Alumna Boosts Beyoncé’s Super Bowl Performance
UVA Today’s Robert Hull reports:
For many of her fans, Beyoncé’s halftime show at Super Bowl XLVII in New Orleans on Sunday was perhaps the game’s finest moment. She brought her A-game to the event, performing a medley of her hits before being joined by Destiny’s Child bandmates.
The show featured plenty of fire, ice and smoke, and used lots of energy to light up the stage. After the power outage during the Super Bowl’s second half, broadcast and online commentators even joked that Beyoncé’s electrifying performance was to blame. (For the record, stadium officials have said that the performance did not cause the outage, as the halftime show brought its own generators.)
Beyoncé appeared on a rising platform, and was clad in an all-black ensemble with heels and a leather get-up. Her outfit, along with the costumes of her numerous fellow dancers and performers, underscored the halftime theme of female empowerment.
The halftime show’s eye-catching outfits were designed by the company Chromat, one of New York City’s leading fashion labels and the brainchild of Becca McCharen, 28, a 2006 graduate from the U.Va. School of Architecture.
In less than five years after graduating from U.Va., McCharen went from working as an urban planner at City Hall in her hometown of Lynchburg to designing onstage costumes for such pop icons as Madonna.
Kate Perry, Pink, Nicki Minaj, Azealia Banks and many other pop music artists have worn McCharen’s work. Her distinctive garments have been used in numerous editorial spreads for influential fashion magazines such as “Vogue” and “Paper.”
McCharen’s accomplishments have bucked the fashion system – she holds no formal fashion design training and works as a designer with a feminist bent.
As a teenager, McCharen loved fashion, but was not aware that fashion design could exist as a real career. In an interview this week for local television in Lynchburg, McCharen’s mother discussed her daughter’s design activities while a student at Jefferson Forest High School.
“Becca would get a long T-shirt, stay up half the night tearing it apart and then safety pin it all together and wear it to school the next day,” Karen McCharen said.
After high school, the eager young fashion designer attended U.Va.’s Architecture School to acquire practical skills to establish a more traditional path toward a career.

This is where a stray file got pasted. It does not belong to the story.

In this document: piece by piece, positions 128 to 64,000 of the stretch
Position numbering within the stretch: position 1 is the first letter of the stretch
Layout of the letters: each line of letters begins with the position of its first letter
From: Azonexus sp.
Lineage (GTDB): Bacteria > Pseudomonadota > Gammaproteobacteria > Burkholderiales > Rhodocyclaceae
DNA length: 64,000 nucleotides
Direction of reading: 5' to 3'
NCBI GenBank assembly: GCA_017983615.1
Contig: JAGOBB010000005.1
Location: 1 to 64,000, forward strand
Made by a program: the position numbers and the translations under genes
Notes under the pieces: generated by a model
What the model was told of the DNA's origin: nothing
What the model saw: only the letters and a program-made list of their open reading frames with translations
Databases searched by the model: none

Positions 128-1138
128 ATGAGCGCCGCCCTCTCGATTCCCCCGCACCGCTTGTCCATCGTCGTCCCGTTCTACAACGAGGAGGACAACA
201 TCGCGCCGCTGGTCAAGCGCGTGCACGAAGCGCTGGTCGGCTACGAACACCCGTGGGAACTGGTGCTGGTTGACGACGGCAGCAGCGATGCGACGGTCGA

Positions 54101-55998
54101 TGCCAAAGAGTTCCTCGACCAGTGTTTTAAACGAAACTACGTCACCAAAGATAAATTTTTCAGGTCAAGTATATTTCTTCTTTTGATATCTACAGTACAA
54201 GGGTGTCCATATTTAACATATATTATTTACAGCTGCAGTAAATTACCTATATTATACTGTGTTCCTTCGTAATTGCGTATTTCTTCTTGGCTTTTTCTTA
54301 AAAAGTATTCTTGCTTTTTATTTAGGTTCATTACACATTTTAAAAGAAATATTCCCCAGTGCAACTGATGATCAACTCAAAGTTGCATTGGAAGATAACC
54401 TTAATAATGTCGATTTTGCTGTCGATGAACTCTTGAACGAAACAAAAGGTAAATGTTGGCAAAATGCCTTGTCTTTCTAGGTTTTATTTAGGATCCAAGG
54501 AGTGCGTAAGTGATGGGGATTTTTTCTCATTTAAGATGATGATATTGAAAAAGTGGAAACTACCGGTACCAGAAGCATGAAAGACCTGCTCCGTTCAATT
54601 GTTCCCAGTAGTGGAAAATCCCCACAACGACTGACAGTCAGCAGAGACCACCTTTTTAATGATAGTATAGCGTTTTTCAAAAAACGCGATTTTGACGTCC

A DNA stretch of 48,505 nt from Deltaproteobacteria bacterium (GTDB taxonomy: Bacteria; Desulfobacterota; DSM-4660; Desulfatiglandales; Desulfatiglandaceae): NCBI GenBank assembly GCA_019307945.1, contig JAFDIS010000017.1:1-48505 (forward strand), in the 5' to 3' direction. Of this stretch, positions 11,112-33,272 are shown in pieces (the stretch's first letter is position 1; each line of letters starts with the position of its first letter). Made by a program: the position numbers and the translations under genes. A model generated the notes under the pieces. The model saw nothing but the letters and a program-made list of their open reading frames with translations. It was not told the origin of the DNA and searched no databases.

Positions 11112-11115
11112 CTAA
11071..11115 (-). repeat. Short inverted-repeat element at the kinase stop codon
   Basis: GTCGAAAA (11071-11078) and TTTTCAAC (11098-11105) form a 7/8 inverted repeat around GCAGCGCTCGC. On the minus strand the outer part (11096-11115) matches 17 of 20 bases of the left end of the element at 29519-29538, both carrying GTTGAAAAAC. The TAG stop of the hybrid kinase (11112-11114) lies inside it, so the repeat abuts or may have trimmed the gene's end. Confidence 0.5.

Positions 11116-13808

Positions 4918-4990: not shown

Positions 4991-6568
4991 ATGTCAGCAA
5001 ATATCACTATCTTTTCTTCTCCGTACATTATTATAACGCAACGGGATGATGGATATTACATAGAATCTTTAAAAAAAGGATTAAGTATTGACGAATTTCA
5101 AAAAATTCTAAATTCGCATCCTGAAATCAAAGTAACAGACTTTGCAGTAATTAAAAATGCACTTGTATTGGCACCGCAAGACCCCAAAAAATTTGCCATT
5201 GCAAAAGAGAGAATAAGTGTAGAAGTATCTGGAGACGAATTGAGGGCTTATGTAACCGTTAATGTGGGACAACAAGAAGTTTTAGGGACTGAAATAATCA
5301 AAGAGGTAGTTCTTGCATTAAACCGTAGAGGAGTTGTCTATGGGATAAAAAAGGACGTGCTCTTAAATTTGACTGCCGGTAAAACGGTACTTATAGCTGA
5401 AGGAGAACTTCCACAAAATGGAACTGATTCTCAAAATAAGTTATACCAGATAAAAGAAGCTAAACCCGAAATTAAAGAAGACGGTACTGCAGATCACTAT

As a student, McCharen worked in a costume shop, which is where she learned to sew. Increasingly, as she attended architecture classes, she began to return to her love of fashion design.
After graduation, McCharen worked her day job in Lynchburg for two years while developing her Chromat fashion label in the evenings. Immediately after work, she would run home, sew clothes and costumes, and create stuff for fun.
While making outfits for her friends, McCharen discovered she wanted to make cohesive collections around specific themes. From there, she started putting on homegrown fashion shows in Lynchburg.
Eventually she met a local connection whose daughter was a fashion designer in New York, and she introduced McCharen to the showroom International Playground. McCharen’s collections transitioned into a retail store, then a whole showroom and finally a thriving business.
McCharen’s designs for Chromat have been described as having strong architectural undertones, getting their inspiration from sources as varied as building scaffolding and body builders.
In several interviews, McCharen points to her Architecture School experience as being instrumental in her creative designs. As an undergraduate, she learned to thoroughly research the context of a building before designing it, and would work on many iterations of a single idea before editing them down. She believes she goes through the same process when designing her clothes.
Combining her education in architecture and urban design during her years at the University, McCharen’s approach with her design label is “to focus on structural experiments for the human body.”
At present, McCharen’s Chromat remains one of the leading fashion design companies in New York. Like many success stories in the world of pop culture, McCharen’s story has modest roots fueled by ambitious dreams.
Through hard work and a top-notch education, McCharen has created a name for herself and a growing reputation for her company – even to such a successful degree that, last month, Tina Knowles, Beyoncé’s mother, picked up the phone and ordered 32 costumes for her daughter’s upcoming Super Bowl halftime show.